For thousands of years, the I Ching has provided guidance for decisions about our health, relationships, financial matters, work, and play. Predictions from the I Ching follow the lunar year and are based on multiple, overlapping cycles that govern the heavens and earth. A variety of stems, branches, directions, and phases also have their say, each creating a trail of portents, probabilities, and possibilities… so let us begin.
In the lunar calendar, May is positioned right between the spring equinox and the summer solstice. It is the time of soft yin as the Fire Element warms us and begins to exert its energy on our lives. May is further represented by the Chinese character Sze 巳 which translates to “preparation for ripeness,” an indication that emerging possibilities are beginning to come our way.
Mother’s Day is celebrated in nearly every country on earth. In China, many cities present a series of Mother’s Day activities that feature the Five Elements: Wood, Fire, Earth, Metal, and Water; group dances; tree planting; a delicate feast and ceremony called Thanksgiving Mother that lays out children’s responsibility to be good students who are kind and able to live in peace and harmony with others.
In the US, we’ve got Cinco de Mayo on the 5th, Mother’s Day on the 9th, Armed Forces Day on the 15th, and Memorial Day brings the month to a close on the 31st. May also features some silly celebrations like Lost Sock Day followed by Lost Sock Memorial Day and health-related events like Melanoma Monday on May 3. Skin cancer is a reminder that even though Fire and the sun can be warming and nurturing, it can also be dangerous and destructive.
May is named after the Greek goddess Maia, the daughter of Atlas, the lover of Zeus, and the mother of Hermes. Maia was a nurturer; her name is an honorific term for older women, mothers, and midwives. As Fire energy begins to warm the earth, we need to refresh our stash of sunscreen and dig out our sunglasses and summer hats.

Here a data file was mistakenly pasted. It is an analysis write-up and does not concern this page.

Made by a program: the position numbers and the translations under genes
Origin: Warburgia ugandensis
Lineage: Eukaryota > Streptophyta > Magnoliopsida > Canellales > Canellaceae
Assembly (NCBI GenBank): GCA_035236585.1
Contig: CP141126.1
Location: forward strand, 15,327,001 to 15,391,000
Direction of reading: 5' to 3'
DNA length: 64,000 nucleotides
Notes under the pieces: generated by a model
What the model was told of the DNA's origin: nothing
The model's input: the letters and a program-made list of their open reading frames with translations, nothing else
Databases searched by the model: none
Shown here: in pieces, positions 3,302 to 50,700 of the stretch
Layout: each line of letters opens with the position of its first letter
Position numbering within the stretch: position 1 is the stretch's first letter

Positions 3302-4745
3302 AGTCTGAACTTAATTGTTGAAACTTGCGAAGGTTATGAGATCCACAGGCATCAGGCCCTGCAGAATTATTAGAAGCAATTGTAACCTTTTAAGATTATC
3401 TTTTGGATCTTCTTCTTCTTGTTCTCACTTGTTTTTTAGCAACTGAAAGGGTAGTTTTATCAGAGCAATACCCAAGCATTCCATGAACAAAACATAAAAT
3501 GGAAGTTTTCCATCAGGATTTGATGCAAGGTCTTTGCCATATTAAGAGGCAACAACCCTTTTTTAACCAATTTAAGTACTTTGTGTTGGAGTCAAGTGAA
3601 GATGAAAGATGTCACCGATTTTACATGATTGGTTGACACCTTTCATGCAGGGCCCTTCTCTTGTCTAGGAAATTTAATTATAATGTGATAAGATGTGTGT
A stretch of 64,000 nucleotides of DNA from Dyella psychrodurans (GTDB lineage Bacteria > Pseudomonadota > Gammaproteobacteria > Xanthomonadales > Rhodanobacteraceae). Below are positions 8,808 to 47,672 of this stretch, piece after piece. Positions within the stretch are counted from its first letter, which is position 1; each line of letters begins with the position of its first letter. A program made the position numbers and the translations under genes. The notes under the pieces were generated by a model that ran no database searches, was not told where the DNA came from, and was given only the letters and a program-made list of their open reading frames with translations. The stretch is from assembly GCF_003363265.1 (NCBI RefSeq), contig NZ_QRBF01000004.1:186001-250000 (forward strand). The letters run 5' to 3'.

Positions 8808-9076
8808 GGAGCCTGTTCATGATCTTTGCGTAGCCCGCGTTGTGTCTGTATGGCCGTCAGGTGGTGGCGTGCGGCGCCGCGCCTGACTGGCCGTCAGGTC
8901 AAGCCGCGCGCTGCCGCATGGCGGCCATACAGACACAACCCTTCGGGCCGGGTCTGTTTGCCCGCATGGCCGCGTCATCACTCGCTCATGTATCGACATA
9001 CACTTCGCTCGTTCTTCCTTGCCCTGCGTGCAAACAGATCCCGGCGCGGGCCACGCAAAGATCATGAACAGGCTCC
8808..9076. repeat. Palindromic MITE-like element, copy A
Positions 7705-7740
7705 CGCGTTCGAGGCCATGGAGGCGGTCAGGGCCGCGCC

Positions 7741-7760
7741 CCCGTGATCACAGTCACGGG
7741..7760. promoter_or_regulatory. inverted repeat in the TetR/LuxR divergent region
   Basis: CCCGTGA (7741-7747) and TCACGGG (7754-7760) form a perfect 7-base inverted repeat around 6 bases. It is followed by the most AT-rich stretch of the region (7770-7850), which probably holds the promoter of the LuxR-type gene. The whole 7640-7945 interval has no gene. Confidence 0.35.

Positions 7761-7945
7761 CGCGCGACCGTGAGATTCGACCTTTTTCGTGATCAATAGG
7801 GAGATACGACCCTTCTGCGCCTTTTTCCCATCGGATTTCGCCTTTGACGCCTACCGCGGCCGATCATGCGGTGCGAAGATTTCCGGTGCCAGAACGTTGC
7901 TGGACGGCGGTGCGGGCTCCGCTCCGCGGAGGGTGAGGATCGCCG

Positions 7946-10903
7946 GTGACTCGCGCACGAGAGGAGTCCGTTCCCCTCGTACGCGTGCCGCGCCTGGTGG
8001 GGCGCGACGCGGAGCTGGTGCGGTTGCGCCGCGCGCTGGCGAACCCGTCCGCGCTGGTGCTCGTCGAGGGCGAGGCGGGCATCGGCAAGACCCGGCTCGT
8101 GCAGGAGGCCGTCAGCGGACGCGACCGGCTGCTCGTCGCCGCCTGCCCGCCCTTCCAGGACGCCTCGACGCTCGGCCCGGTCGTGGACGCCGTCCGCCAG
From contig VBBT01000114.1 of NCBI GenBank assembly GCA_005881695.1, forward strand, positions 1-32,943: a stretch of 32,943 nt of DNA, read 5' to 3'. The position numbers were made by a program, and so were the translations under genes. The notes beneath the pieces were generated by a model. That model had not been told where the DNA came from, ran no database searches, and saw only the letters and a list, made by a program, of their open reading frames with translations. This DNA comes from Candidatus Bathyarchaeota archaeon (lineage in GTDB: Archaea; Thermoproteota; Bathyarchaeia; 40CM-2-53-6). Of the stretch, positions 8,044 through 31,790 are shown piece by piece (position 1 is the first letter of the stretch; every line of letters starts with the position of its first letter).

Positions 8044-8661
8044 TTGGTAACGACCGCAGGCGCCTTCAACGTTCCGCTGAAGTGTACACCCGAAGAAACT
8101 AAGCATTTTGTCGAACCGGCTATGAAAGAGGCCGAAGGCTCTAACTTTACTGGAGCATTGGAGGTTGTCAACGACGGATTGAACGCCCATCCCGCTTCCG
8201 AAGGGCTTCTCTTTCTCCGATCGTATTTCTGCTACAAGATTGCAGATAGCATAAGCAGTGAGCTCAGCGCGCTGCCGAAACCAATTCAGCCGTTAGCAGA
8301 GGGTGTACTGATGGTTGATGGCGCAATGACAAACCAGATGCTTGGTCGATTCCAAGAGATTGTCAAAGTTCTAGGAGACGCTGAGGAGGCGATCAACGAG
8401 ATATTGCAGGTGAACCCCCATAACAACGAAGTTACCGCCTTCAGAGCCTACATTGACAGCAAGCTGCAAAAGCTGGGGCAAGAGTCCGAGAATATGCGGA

The Fire Element is spunky—it is both creative and destructive—it can nurture us with its warmth or burn our forests and our skin with its heat. The wisdom of the I Ching can help us know what to expect in this phase of rising Fire and have a look at what’s in store for you in the merry month of May.
The Water Element is cool and Fire is hot, which means that May’s rising Fire can be uncomfortable for you. Keep well hydrated to counteract rising temperatures, and choose refreshing cooling drinks that are perfectly suited for your element. Here are some ideas: blueberry lavender lemonade, strawberry lemonade, grape juice, raspberry limeade, mint tea, watermelon juice, tangerine juice, coconut water.
Shower or bathe with the lights turned low… or with the lights turned off which will force you to move very slowly and fully experience the sound and sensation of water on your skin. We don’t want you to slop or fall, so you might want to open the bathroom door a crack to let in a little light. Water people are soothed by sensation, dim light, and warm water so it could be interesting and fun to give this idea a try.
Many Water people prefer having other people reach out to them so for a change try reaching out to someone else. May is Mother’s Day so call your mom. Call your dad or any other family member that you care about just to say, “Hi.” Smile at a stranger, put money in someone else’s parking meter, send a care package to someone you love… then prepare yourself for some wonderful surprises in return.
Our body is part of our wealth. When we treasure and take care of our body we are also taking care of the life we were given. To be healthy, Water people need a regular schedule for eating and sleeping and they need a healthy balance between work and play. Lifeforce and willpower reside in your element, and when you are properly rested and nourished, you will be able to enjoy the gifts you have been given.
Your energy contains an inexhaustible supply of vision, which is why wonderful ideas and creativity are your thing. Protect your gift by letting go of any issues that are unimportant so that you can concentrate on what you do best. Delegate action to the doers and shakers; you are the thinker and dreamer. Avoid getting caught up in specifics, details, and minutiae because big picture planning is what you do best.
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